In FIG. 14, S0 to S3 denote write transistors supplied with SDi. The other parts are the same as those in FIG. 9, and like reference characters are used therefor.

This circuit handles bit lines selected by the column decode outputs di in blocks, and thus the column decode outputs hi need not to be considered. A block having a faulty bit line is replaced by a redundancy block.

Comparison of the fifth embodiment with the fourth embodiment of FIG. 9 shows that the column decode outputs di are replaced with the write data SDi, and the column decode outputs hi are replaced with the column decode outputs di.

The above way of thinking is applicable to a case where there are two or more faulty bit lines.

Next, consider a case where there are two faulty bit lines. In this case, various cases will be considered, depending upon where the two faulty bit lines are present.

(a) A case where the two faulty bit lines are present in the same block.

(b) A case where the two faulty bit lines are present in different blocks, but they are selected by the same column decode output hi.

(c) A case where the two faulty bit lines are present in different blocks and moreover they are selected by different column decode outputs hi.

In FIG. 15, there is illustrated a circuit according to a sixth embodiment that is useful for the above case (c).

In the circuit of FIG. 15, like reference characters are used to denote like parts in FIG. 9. In this circuit, application, to column decode outputs (di, hi) corresponding to the faulty bit lines, of "0" and "1" (or "1" and "0") as the first test input and of "1" and "0" (or "0" and "1") as the second test input permits normal bit lines to be subjected to a stress test without application of a stress voltage to the faulty bit lines. In this case, the same algorithm can be used to input signals on the basis of data to two redundancy bit lines. Moreover, the test has only to be performed two times. The stress test can be performed in the same way for the cases (a) and (b). Setting of a test mode can be considered by extending the case where only one bit line is faulty.

In the above embodiment, the location of a bit line that can be remedied is the same in each of cell blocks within a chip. If the location of a bit line that can be remedied by redundancy feature were changed independently for each block, the rate of remedy for faults occurring at random could be improved. The combination of this method with the fourth embodiment or the fifth embodiment could apply a stress potential independently to each of blocks.

Industrial Applicability

According to the present invention, as described above, a semiconductor memory can be realized which, even if a certain bit line is defective when performing a stress test for checking data holding reliability of drains of memory cells in an EPROM, can apply a normal stress potential to normal bit lines other than the defective bit line or normal bit lines in blocks other than a block having the defective bit line, thereby permitting the reliability check to be made properly.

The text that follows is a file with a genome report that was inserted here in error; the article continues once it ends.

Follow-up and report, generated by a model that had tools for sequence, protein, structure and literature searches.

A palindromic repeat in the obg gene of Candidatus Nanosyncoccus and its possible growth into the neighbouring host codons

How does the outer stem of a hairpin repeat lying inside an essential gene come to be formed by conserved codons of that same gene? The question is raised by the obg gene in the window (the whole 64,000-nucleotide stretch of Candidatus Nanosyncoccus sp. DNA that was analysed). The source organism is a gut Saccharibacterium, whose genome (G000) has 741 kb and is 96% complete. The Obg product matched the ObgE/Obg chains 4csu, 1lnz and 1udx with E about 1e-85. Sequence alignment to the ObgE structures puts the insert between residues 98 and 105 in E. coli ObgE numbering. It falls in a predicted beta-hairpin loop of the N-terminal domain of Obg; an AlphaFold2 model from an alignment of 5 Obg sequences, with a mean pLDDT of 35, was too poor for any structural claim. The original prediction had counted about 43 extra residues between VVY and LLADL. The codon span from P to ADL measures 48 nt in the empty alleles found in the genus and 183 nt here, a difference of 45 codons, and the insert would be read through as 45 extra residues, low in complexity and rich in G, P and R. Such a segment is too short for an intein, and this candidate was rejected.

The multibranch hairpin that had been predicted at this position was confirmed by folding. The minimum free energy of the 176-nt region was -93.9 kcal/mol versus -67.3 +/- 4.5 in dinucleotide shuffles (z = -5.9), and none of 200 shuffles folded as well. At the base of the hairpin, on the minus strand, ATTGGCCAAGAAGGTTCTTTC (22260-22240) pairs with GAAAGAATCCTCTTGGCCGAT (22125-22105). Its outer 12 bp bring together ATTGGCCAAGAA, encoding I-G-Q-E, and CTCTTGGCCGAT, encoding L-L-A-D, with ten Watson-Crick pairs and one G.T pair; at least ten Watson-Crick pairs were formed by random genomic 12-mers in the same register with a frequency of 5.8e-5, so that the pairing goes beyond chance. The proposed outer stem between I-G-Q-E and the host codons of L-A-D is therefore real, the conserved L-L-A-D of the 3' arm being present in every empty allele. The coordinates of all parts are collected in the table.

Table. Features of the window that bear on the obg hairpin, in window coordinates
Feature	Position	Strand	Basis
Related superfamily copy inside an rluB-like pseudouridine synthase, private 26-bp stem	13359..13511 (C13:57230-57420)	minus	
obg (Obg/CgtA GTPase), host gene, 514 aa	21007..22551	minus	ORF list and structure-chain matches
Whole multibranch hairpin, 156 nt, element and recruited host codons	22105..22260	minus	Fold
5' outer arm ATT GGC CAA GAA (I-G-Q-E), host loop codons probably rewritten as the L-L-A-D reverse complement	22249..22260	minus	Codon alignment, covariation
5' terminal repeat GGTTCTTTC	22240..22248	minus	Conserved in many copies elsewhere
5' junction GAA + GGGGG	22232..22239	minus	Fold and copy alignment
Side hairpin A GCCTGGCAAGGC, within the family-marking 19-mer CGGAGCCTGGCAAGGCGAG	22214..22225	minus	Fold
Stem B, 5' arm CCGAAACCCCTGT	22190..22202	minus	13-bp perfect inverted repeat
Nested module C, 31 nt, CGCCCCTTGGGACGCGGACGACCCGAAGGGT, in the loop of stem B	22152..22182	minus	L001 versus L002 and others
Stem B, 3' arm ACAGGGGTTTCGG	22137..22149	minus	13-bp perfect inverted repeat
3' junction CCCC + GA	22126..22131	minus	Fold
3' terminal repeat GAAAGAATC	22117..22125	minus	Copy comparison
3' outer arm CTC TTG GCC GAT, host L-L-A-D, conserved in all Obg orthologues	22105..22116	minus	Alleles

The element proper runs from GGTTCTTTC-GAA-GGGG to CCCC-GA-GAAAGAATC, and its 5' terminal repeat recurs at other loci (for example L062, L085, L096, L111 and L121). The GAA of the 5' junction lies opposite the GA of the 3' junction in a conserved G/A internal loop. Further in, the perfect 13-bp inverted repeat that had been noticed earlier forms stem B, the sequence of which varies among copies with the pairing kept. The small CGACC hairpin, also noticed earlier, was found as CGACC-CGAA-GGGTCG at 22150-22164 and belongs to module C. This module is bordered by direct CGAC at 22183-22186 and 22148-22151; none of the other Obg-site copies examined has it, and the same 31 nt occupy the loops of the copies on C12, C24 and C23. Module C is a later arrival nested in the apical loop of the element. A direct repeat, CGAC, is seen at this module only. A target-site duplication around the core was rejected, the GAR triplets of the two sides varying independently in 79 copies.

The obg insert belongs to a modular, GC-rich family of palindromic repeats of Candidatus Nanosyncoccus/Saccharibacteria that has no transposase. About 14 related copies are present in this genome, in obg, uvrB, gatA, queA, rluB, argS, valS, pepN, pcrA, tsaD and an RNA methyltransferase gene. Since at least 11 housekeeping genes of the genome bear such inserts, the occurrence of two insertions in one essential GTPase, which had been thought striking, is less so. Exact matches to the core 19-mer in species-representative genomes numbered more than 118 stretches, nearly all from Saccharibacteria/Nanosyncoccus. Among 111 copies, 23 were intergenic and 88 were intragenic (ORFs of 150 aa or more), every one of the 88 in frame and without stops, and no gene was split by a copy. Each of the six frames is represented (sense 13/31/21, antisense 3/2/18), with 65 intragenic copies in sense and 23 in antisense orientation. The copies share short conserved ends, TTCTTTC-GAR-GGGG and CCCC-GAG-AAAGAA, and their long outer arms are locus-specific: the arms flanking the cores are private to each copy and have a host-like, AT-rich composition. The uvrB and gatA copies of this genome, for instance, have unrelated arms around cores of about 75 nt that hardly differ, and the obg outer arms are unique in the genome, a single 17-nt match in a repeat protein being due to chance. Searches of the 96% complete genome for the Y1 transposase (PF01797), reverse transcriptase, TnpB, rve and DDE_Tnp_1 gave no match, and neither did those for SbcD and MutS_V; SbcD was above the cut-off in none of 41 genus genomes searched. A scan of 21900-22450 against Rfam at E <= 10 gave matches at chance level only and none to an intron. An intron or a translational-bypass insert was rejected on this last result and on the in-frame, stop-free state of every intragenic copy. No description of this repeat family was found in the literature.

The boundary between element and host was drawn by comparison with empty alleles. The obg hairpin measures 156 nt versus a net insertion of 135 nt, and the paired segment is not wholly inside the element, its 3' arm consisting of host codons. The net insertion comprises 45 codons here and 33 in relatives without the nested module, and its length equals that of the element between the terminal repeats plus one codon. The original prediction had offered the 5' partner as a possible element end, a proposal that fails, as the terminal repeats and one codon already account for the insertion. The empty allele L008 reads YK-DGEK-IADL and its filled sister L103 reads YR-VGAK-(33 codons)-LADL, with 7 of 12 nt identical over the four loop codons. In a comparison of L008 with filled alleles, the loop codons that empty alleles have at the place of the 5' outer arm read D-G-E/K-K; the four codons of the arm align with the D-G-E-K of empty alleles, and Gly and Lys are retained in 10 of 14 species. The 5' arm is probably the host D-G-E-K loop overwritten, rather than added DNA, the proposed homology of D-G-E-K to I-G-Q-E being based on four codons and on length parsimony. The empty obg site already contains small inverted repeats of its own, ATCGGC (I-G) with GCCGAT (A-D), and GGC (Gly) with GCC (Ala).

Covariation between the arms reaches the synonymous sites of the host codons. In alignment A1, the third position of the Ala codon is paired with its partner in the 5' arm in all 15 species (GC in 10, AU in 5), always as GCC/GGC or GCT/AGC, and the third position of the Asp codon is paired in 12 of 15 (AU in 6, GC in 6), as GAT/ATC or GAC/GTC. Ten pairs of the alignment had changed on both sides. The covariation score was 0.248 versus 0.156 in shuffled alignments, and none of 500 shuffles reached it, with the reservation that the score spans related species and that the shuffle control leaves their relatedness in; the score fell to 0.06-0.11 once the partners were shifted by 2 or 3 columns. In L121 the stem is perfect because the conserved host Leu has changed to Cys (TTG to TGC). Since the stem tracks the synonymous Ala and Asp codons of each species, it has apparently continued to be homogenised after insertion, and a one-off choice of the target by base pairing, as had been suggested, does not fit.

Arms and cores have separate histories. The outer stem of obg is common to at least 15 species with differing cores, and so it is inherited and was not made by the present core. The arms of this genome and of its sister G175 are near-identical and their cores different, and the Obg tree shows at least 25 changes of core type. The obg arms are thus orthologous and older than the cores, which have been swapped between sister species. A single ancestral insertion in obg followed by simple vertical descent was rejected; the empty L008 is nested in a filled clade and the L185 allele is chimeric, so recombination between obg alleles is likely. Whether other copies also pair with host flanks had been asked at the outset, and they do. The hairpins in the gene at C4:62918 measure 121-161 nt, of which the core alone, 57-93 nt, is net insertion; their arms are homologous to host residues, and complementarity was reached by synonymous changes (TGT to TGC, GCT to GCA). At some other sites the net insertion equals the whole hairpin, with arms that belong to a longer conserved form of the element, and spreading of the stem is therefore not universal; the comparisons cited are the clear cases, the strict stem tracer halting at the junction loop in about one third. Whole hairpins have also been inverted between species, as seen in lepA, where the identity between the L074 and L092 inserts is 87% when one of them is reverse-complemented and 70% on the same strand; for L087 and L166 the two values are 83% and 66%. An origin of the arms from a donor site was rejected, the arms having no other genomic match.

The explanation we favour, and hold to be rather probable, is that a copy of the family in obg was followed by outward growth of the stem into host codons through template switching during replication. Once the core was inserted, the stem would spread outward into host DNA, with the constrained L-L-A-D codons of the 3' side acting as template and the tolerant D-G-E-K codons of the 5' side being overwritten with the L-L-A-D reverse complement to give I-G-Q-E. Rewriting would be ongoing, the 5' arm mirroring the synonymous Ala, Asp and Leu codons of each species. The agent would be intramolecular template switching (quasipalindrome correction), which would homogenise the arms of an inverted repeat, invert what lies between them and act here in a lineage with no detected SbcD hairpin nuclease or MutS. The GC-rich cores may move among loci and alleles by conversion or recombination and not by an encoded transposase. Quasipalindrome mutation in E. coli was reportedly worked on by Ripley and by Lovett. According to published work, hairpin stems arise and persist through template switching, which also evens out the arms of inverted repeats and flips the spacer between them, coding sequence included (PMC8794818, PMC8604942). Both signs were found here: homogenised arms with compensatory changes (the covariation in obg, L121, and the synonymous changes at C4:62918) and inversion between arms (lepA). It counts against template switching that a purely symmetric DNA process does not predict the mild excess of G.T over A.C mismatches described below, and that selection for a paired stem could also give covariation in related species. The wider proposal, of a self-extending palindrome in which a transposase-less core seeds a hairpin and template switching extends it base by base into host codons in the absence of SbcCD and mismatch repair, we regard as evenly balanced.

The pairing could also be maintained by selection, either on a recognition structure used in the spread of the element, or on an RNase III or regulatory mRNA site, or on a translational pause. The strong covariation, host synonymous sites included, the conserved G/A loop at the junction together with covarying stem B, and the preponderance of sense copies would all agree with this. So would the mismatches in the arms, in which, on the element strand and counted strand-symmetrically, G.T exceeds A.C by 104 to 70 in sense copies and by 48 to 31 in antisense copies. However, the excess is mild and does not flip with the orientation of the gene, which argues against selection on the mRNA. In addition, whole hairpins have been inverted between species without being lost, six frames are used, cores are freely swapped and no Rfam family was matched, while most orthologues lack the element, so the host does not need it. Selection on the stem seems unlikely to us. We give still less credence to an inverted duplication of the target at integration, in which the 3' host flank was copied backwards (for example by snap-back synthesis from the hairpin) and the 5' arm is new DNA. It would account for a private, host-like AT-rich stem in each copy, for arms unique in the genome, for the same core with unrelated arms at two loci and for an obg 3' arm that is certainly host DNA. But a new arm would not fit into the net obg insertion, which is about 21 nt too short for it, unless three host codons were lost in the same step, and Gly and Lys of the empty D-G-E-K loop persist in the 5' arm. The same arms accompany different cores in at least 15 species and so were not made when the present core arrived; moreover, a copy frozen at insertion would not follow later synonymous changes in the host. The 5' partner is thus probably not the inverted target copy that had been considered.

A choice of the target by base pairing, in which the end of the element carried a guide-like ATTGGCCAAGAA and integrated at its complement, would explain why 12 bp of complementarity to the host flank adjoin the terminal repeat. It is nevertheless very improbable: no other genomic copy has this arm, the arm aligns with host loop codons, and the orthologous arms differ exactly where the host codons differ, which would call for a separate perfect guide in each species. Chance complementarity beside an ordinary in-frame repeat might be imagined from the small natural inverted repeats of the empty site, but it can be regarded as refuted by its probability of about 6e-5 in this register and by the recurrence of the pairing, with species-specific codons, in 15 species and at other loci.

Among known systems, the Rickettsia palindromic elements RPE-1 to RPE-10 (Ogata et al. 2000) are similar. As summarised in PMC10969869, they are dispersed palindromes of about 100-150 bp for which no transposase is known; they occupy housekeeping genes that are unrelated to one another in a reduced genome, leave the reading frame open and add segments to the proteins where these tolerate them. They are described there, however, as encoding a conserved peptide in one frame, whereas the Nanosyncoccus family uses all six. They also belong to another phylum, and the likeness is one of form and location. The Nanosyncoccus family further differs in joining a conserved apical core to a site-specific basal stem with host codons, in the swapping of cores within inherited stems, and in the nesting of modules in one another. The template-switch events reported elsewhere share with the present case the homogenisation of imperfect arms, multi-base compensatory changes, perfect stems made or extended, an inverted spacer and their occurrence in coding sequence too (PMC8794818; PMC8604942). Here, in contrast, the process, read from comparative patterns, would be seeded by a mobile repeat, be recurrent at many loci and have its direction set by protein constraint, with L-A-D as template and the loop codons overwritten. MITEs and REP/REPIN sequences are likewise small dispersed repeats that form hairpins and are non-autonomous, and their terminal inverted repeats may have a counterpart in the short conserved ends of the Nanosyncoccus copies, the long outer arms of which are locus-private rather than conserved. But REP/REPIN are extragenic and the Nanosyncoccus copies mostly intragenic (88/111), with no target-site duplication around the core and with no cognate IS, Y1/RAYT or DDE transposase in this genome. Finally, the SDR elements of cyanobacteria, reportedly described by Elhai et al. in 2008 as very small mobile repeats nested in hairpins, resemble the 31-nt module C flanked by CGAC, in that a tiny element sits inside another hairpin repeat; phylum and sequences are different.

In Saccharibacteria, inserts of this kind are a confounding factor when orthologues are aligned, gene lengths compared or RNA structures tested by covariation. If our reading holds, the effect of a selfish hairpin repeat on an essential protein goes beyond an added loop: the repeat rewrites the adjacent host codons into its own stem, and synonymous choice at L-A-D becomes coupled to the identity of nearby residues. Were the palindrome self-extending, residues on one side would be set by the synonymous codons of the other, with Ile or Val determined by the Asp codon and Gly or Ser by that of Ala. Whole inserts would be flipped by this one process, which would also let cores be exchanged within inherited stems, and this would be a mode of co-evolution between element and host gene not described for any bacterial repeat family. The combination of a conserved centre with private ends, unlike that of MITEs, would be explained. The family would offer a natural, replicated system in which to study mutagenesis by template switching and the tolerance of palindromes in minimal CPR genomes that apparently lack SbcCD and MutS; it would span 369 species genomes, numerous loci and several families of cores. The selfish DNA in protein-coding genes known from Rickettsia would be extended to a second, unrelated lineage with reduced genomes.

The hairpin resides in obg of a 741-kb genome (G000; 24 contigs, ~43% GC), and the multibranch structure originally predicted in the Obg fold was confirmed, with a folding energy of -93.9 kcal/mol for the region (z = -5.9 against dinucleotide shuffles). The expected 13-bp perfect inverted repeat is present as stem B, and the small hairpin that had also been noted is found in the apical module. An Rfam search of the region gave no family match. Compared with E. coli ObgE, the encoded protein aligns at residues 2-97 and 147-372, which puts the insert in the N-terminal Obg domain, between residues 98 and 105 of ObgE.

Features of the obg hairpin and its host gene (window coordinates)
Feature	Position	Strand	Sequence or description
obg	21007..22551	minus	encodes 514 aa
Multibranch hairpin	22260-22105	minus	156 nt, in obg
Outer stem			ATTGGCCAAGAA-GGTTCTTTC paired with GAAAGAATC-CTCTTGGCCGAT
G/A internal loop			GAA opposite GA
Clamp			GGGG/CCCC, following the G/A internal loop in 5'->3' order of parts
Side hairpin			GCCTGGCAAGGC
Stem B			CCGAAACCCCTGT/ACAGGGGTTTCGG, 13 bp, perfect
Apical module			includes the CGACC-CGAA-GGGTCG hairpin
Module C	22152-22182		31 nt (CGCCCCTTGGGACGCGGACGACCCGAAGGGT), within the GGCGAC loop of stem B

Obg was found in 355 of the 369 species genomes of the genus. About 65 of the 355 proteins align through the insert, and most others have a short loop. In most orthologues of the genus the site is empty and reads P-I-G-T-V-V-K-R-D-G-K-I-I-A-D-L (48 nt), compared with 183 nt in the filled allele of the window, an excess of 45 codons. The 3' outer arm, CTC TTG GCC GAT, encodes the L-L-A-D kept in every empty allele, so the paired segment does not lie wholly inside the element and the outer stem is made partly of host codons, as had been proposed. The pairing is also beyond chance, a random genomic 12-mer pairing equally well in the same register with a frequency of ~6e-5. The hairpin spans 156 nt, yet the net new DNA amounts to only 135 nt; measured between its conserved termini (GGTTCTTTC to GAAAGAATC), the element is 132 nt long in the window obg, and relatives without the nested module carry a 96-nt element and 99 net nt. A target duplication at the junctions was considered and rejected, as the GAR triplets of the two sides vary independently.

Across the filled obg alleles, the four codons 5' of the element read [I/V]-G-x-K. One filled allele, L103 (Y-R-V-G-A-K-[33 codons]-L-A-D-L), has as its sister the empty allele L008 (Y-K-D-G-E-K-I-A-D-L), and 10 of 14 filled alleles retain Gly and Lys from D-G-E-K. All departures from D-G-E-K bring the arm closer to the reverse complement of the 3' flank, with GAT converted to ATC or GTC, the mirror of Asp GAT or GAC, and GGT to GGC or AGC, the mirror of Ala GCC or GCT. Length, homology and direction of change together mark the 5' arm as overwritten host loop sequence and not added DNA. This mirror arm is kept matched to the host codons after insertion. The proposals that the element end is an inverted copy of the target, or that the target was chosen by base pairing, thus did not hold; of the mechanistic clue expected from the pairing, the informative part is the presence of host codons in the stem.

That is, with the advance of semiconductor process techniques, the packing density of semiconductor integrated circuits has become increasingly high. The microminiaturization of integrated circuits has increased wiring-related faults. When a faulty bit line having a leakage path to ground potential, as dealt with by the present invention, is present in chips, a conventional drain stress test fails to apply an adequate stress potential to some normal bit lines. Thus, such chips have been treated as defective. Such bit-line faults amounts to the half of faults related to bit lines. Thus, it becomes very important to remedy the faults. The present invention allows application of a stress potential to normal bit lines without applying the stress potential to defective bit lines or to normal bit lines in blocks without applying the stress potential to blocks having defective bit lines, thus permitting chips having defective bit lines with a leakage path to ground potential to be remedied. By dividing a chip and changing locations that can be remedied by the redundancy feature independently for each of divisions, it has been made possible to deal with defects occurring randomly.

Furthermore, according to the present invention, a semiconductor memory can be realized which, even if a defective word line is present when performing a burn-in test on DRAMs, can apply a normal high potential to normal word lines, thereby performing the burn-in test properly.

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Classifications
U.S. Classification365/200, 714/718, 365/201
International ClassificationG11C29/00, G11C29/24, G11C29/50
Cooperative ClassificationG11C29/50, G11C16/04, G11C11/401, G11C29/78, G11C29/70, G11C29/24
European ClassificationG11C29/78, G11C29/70, G11C29/24, G11C29/50
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Jun 1, 1992ASAssignment
Owner name: KABUSHIKI KAISHA TOSHIBA, A CORP. OF JAPAN, JAPAN
Free format text: ASSIGNMENT OF ASSIGNORS INTEREST.;ASSIGNORS:TOMITA, NAOTO;MIYAMOTO, JUNICHI;REEL/FRAME:006288/0033
Effective date: 19920518